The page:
The door to the apartment in Alexandria opened, and there he was: Richard Spencer, a white nationalist leader in the ultraconservative “alt-right” (read, “make America white again”) movement. On the cusp of Donald Trump’s presidential inauguration, Spencer, a Trump supporter, was setting up shop to promote his cause in the D.C. area.
“Hail Trump,” Spencer and his minions had chanted at a convention in Washington after Trump’s election in November. Spencer has said that he is neither racist nor a white supremacist but an “identarian” who advocates for stronger white identity.
When Spencer saw who was at the door on Monday evening, he closed it without saying a word. But his presence had been confirmed.
“The ethno-nationalism, racism, anti-Semitism, excluding people that are not like them, separating and denigrating others — it’s anathema not only to our community but to our society,” said Dennis Maloney said, a consultant in Alexandria who accompanied me to Spencer’s apartment.
I had met with Maloney and two other Alexandria residents — business owner Dylan Raycroft and lawyer Jessica Killeen — to hear them discuss ways to protest Spencer’s mission. The stated goals of some “alt-right” factions include “nonviolent ethnic cleansing” and restoration of “white culture” in a whites-only homeland.
“I’ve never been a political activist, just a businessman trying to be a part of the community the way normal people do,” said Raycroft, who owns a chimney sweep company in Alexandria. But he said the presence of Spencer in the neighborhood “crosses a line that can’t be ignored. There comes a point when you just have to say, ‘Enough is enough.’ ”
In the aftermath of a presidential campaign seared by Trump’s incendiary rhetoric, the Alexandria City Council issued a statement declaring the city a “hate-free zone.” Then Spencer arrived, as if to mock the council’s stated ideals.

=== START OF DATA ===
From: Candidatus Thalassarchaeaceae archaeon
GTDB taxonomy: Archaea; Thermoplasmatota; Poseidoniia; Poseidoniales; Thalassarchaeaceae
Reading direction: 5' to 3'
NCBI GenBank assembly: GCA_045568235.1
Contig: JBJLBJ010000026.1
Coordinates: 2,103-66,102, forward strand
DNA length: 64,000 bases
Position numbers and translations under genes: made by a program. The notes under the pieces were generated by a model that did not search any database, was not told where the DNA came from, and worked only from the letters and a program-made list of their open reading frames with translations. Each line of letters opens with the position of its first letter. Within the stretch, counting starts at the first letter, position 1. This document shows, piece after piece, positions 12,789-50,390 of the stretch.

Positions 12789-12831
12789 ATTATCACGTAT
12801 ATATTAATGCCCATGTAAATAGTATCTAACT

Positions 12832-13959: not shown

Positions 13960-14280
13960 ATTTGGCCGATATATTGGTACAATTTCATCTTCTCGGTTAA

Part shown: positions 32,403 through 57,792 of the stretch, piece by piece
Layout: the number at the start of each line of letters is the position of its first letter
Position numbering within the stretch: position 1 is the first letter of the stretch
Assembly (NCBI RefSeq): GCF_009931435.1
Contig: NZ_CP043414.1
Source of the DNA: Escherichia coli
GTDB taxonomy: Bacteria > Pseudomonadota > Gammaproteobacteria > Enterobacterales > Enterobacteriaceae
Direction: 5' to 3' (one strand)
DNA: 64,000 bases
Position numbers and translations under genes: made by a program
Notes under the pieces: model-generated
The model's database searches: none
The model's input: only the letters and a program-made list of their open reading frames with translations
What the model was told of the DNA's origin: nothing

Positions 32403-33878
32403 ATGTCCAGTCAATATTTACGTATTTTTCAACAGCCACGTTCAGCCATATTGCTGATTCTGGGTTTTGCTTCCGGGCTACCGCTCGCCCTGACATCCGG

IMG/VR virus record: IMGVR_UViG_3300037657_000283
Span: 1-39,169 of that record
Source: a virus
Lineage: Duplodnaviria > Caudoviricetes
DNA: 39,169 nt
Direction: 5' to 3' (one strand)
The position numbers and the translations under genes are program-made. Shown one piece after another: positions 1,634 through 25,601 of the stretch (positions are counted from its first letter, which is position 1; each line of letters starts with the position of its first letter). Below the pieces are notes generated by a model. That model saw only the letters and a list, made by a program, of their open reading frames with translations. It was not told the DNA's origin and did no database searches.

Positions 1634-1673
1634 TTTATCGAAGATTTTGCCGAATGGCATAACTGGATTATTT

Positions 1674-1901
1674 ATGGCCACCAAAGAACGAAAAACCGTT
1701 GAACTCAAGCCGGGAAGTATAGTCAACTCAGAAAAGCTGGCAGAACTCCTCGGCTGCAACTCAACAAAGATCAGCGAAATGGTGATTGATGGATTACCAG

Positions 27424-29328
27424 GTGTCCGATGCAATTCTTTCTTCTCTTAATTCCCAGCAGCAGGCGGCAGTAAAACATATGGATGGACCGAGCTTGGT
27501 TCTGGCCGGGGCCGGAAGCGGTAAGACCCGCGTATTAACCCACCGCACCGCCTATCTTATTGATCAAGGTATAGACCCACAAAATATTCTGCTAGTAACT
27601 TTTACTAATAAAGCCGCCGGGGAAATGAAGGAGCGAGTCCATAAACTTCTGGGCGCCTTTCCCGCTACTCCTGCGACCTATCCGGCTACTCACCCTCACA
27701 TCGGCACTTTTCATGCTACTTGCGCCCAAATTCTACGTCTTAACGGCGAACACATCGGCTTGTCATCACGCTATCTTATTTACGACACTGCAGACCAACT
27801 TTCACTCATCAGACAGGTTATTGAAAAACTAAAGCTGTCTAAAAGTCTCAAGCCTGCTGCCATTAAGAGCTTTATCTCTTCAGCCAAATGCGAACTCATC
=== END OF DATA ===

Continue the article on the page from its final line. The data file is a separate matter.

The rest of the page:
For years, there has been a battle for the soul of the city. While one group seeks to make it a more progressive place, another clings fervently to its Confederate past. A recent clash over what to do about a Confederate statue and a street named for the Confederate president, Jefferson Davis, ended in something of a compromise: The statue will stay for now; the name of the highway will be changed.
But the arrival of Spencer has tipped the scales. And no amount of political dealing will right it.
Raycroft had read about Spencer’s move to the city in a January issue of the Atlantic. The article did not mention the address. So he used an online real estate service to look up interior photographs of recently rented apartments and match them with photographs that Spencer had tweeted of himself inside his new residence.
“I think the first step is to bear witness,” Maloney said. “Maybe it’s a simple matter of getting people to stand outside that building with signs saying: ‘We are not tolerating this. You are not welcomed.’ There is no reason why we can’t exercise our freedom of speech. That might invite them to engage.”
Killeen was optimistic about getting people involved.
“The election of Trump has caused a lot of people to become politically active for the first time,” she said. “People have been aware of what was going on, but this is the first time they are putting boots on the ground and fighting for things we really care about.”
As word of the new neighbor spread, fliers and posters began cropping up around South Patrick and King Streets. One read: “No Vacancy for Hate” with the hashtag, #inclusivealx. Another read “Missing Dog” and included a photo of Spencer.
The most they could do was use Spencer as a symbol of what the country was at risk of becoming.
“We can’t let people like him become the norm,” Killeen said.
Raycroft shook his head in disbelief.
To read previous columns, go to washingtonpost.com/milloy.